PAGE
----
MLB Hall of Fame: Breaking down the Modern Era ballot

COOPERSTOWN, NY - JULY 29: Former player Steve Garvey stands after being acknowledged by Claire Smith during her speech after being awarded the J.G. Taylor Spink Award during the 2017 Hall of Fame Awards Presentation on Doubleday Field at the National Baseball Hall of Fame on Saturday July 29, 2017 in Cooperstown, New York. (Photo by Alex Trautwig/MLB via Getty Images)
COOPERSTOWN, NY - JULY 29: Former player Steve Garvey stands after being acknowledged by Claire Smith during her speech after being awarded the J.G. Taylor Spink Award during the 2017 Hall of Fame Awards Presentation on Doubleday Field at the National Baseball Hall of Fame on Saturday July 29, 2017 in Cooperstown, New York. (Photo by Alex Trautwig/MLB via Getty Images) /
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Braves legend Dale Murphy prior to the MLB regular season game between the Atlanta Braves and the Los Angeles Dodgers on August 18, 2019 at SunTrust Park in Atlanta, GA. (Photo by David John Griffin/Icon Sportswire via Getty Images)
Braves legend Dale Murphy prior to the MLB regular season game between the Atlanta Braves and the Los Angeles Dodgers on August 18, 2019 at SunTrust Park in Atlanta, GA. (Photo by David John Griffin/Icon Sportswire via Getty Images) /

Who’s in, who’s out?

If we translate our statistical rankings in the four categories to an ordinal placement, we can get what amounts to a “standing.” Mindful that in an ordinal system a perfect score is 1-1-1-1 or 1.00, here are the overall rankings

                 Player                   Pk OPS+       Pk WAR     Car. OPS+  Car. WAR     Avg.

1              Don Mattingly         1                       3                1.5                   7              3.13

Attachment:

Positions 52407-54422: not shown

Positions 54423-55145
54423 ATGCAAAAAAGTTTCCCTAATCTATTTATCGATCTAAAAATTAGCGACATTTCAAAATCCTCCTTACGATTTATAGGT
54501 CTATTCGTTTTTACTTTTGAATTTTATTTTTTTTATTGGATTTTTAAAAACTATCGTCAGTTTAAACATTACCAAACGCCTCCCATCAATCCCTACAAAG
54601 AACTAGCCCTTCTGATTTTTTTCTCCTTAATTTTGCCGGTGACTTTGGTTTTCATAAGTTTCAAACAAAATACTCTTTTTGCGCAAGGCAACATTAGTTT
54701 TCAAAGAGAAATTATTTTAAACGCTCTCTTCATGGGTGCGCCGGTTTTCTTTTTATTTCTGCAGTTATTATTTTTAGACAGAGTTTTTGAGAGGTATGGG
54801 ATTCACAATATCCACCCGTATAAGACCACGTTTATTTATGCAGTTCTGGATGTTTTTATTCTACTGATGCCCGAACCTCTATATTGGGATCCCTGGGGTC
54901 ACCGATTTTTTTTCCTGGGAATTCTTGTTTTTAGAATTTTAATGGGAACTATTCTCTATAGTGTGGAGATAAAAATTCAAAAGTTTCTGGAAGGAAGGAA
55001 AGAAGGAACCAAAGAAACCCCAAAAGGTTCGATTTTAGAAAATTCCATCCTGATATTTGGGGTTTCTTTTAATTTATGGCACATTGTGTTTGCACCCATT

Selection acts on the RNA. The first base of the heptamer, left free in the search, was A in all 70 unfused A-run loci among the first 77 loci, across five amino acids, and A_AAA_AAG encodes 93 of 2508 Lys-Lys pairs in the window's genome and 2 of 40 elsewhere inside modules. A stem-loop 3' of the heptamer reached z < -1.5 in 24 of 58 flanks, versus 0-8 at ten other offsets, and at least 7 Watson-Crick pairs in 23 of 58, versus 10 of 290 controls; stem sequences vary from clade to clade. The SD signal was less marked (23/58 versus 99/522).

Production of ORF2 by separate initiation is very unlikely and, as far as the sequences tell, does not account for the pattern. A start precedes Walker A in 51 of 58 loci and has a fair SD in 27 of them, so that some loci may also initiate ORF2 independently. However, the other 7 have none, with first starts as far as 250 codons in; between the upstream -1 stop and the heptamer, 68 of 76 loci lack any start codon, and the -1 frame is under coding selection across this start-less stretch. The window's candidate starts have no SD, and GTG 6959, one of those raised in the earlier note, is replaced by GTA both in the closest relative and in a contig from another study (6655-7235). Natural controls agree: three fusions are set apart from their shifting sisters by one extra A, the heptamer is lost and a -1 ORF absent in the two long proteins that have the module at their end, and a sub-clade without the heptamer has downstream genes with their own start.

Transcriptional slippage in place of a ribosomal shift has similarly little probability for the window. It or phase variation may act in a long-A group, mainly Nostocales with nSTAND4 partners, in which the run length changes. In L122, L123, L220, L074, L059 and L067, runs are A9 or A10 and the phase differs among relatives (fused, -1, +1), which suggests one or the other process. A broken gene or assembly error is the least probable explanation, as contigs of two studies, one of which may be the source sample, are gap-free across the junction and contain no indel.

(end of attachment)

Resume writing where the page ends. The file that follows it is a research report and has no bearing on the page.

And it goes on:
2              Dale Murphy            3                      1                 3.5                   6              3.38

3              Dwight Evans          4                      7                 1.5                   2              3.63

4              Dave Parker             2                      2                 3.5                   8              3.88

5              Ted Simmons          5                       5                 5                      4              4.75

6              Lou Whitaker           6                      6                 6.5                   1              4.88

7              Thurman Munson  9                      4                 8                       5              6.50

8              Tommy John            8                       9                9                       3              7.25

9              Steve Garvey          7                        8               6.5                    9              7.63

Looking strictly at the data, the candidacies of Munson, Garvey, and Whitaker are hard to support over numerically better qualified candidates for the MLB Hall of Fame.

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Mattingly, Murphy, Evans and Parker present the four best overall data sets. All clearly meet standards favored by peak-biased voters, and they also rank high in career OPS+.

Voters favoring career-based candidates will look first to Evans, who ranks high in both career OPS+ and career WAR.

The remaining on-field candidates – Whitaker and Simmons – present mixed statistical profiles.

Munson’s career numbers were obviously compromised by his early death. His 27.0 five-year peak WAR from 1973 through 1977 is exceptional, but his 616 OPS+ for that same period is well below the 671.33 average of his fellow nominees.

If the 16 voters choose to include Miller, one of the top four—probably Parker – has to be abandoned.

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Of course, a voter opting for Miller will by definition be open to considering non-statistical qualifications, a fact that could give John or Munson just the advantage their MLB Hall of Fame candidacies appear to need.